Old Man With the Cane

March 7, 2012
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The people next door; across the street; the people I never met: neighbors. My parents are always talking about their childhoods when they would ride their bicycles to so and so’s house, or share the pond in the backyard with Johnny, or even, race down the street with their next-door neighbor, Claudia.
Not me. I have never interacted with or even seen my neighbors.
My home is upon a hill, overlooking the ocean. I am isolated from the world around me. The street where I live is always busy with cars. When a ball rolls down the driveway, it is not the mean old man with the cane that I am afraid of, but the bustling street that smells of burnt rubber.
All of the houses are blocked from each other by rows of trees. Trees that stretch and grow upright like a giraffe straining its neck. I remember the neighbor’s tiny white dog becoming a wild beast and bushwhacking its way through the tyrannical trembling trees, but apart from the dog, there have been no grand interactions between us and them. Even after ten years, I am not sure I even know my neighbors’ names.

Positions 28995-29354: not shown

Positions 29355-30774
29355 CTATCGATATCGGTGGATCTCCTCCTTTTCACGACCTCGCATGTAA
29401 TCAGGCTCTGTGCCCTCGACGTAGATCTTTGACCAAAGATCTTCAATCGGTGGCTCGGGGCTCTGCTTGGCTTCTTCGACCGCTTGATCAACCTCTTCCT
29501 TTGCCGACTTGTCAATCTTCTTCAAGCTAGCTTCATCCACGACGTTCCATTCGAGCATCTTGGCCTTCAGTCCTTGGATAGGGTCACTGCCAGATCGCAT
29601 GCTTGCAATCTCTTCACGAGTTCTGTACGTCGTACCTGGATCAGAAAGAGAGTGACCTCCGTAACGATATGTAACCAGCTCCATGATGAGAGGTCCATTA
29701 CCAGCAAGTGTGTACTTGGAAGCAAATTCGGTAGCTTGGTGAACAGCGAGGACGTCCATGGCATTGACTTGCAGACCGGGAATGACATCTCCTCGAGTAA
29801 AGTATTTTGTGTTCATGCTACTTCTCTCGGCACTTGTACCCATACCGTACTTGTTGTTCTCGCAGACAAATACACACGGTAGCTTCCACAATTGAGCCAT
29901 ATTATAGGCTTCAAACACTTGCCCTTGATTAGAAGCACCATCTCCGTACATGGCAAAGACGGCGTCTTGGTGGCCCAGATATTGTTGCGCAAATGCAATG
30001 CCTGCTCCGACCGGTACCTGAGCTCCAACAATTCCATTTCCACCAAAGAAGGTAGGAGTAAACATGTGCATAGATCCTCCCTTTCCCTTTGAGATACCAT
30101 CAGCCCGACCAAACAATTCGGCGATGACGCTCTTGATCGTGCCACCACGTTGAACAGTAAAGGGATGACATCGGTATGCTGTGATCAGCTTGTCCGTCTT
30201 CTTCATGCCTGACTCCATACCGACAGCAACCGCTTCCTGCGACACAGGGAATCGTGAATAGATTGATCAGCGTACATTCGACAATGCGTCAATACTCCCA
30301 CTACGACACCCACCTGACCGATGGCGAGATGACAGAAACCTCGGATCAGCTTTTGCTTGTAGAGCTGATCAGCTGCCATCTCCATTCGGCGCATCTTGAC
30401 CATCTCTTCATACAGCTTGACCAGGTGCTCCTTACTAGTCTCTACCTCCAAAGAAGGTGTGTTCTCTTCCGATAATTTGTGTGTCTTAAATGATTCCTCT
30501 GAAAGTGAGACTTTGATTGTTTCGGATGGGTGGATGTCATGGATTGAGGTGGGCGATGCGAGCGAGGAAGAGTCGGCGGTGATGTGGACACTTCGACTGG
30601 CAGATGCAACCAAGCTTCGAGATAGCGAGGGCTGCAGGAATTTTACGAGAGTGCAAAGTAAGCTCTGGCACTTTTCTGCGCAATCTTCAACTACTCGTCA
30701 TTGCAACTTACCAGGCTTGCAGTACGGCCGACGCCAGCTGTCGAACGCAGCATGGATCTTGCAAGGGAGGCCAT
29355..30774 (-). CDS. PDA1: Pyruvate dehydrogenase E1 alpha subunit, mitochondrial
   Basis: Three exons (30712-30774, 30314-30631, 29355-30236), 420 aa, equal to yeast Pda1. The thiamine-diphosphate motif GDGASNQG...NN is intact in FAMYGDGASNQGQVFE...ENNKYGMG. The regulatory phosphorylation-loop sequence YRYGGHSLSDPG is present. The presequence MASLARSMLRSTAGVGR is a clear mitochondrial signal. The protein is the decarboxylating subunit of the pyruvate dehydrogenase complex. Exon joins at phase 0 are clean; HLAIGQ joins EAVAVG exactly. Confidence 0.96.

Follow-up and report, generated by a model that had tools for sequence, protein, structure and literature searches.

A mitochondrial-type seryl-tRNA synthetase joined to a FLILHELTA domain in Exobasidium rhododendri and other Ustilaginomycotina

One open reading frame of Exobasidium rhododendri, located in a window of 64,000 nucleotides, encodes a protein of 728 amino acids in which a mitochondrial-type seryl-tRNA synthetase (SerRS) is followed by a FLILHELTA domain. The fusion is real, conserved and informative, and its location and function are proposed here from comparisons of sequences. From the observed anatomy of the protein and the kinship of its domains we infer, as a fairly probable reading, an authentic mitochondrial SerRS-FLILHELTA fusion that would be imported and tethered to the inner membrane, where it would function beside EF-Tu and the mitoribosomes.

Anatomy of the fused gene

People I know have stories of meeting their new neighbors with casserole dishes and cookies, the children the same ages, the parents becoming close friends. No children exist on the bustling road where I live.
No children. No old man with the cane. No sneaking over the fence. No crashing at the closest house. No racing down “Cherry Lane” on bikes, with hair flying, and eyes twinkling. This is not a part of my street.
Just endless woods and water to explore and casserole dishes and cookie platters made by my family and me. Our own perfect place.

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